Jeffrey Sachs deserves a separate comment. In “The Doctrine of Shock,” Naomi Klein calls him “the new Doctor Shock” (the “original” is Milton Friedman). Sachs became world famous after passing through Bolivia in 1985, a story that Klein details in his book (11). On August 6 of that year, Víctor Paz Estenssoro assumed the Presidency of the South American country. Four days later, he appointed Gonzalo Sánchez de Lozada (the infamous “Goni”) “to lead an emergency bipartisan (and top secret) economic team charged with radically restructuring the economy. The starting point of this group was Sachs shock therapy. ” The resulting project “consisted of such a radical and generalized revision of a national economy as had never before been attempted in a democracy,” and included: “Elimination of food subsidies, the cancellation of almost all price controls and a 300% rise in the price of oil” (or gasoline). It also contemplated “freezing for a year the salaries of public officials”, “hard cuts in state spending”, “completely open the Bolivian borders to imports without limits of any kind”, “reduction of the workforce of companies state as a step prior to its privatization. ” The plan was executed, and indeed the Bolivian government managed to control hyperinflation, but the social cost was extraordinary (increase in unemployment, loss of value of the real wage, increase in poverty, hunger, inequality).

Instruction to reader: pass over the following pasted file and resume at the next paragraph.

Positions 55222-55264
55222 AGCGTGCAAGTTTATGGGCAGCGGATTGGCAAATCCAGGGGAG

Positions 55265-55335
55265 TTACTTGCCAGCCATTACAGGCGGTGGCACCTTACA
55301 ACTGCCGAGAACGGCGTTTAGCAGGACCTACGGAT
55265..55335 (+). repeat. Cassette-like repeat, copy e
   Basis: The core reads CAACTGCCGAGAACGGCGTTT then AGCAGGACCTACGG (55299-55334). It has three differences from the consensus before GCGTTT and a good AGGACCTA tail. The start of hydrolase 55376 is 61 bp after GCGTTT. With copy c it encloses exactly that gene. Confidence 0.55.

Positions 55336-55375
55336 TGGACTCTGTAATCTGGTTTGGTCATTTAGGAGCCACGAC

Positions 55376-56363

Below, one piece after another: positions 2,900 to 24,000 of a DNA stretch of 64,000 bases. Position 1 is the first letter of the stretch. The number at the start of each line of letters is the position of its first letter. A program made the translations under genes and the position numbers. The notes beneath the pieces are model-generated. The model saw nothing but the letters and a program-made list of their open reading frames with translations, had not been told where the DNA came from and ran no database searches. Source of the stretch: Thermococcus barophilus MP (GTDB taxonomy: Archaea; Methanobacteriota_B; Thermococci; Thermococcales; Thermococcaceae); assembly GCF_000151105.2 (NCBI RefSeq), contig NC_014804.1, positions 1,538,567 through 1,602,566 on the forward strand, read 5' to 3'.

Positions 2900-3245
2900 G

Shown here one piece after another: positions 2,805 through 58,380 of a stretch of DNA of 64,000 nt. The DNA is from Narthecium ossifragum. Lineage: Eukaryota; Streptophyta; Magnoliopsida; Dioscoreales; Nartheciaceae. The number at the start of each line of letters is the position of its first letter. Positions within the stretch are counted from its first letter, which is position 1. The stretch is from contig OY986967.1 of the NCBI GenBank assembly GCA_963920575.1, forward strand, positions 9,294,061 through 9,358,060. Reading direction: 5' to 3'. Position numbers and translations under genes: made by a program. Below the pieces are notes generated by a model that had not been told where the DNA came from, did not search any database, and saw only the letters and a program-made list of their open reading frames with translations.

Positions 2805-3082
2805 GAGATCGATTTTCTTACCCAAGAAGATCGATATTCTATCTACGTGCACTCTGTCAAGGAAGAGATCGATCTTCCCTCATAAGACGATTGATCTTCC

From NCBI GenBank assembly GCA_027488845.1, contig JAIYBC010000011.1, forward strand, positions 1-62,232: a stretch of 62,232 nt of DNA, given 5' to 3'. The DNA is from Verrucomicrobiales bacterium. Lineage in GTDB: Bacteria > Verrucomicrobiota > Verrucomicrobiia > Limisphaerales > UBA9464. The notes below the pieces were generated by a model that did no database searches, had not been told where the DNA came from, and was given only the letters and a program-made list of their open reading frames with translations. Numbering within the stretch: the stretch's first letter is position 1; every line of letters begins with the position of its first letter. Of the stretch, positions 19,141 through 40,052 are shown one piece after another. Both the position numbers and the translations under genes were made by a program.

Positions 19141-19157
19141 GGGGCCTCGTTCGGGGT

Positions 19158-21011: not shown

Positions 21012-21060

For supporters of the “free market” around the world, Sachs “had achieved what so many had deemed impossible: it had helped to organize a radical transformation of a neoliberal sign within the confines of a democracy and without a war.” The New York Times described him as an “evangelist of democratic capitalism.” Klein points out: “shock therapy could finally shake off the stench of dictatorships and death camps that had adhered to it” since Milton Friedman, spiritual leader of the neoliberal crusade, advised the dictatorship of Augusto Pinochet in Chile . “Bolivia had introduced Pinochet-style shock therapy without the need for a Pinochet and under a center-left government, nothing less.” Now, contrary to the dominant story, “Bolivia showed that shock therapy could be imposed in a country that had just held an election, but it did not show that it could be accepted democratically or without repression; in fact, it was again an evident proof of the opposite. ” The part of the story that is not told is that the neoliberal plan was executed in a context of state of siege, decreed by Paz Estenssoro to try to stop the popular fury in the streets. The following year, when the Government proceeded with the mass dismissal of workers, it decreed again the state of siege to contain the protests. Really, “Bolivia provided a model for a new, more digestible class of authoritarianism: a civil coup carried out, not by soldiers in military uniform,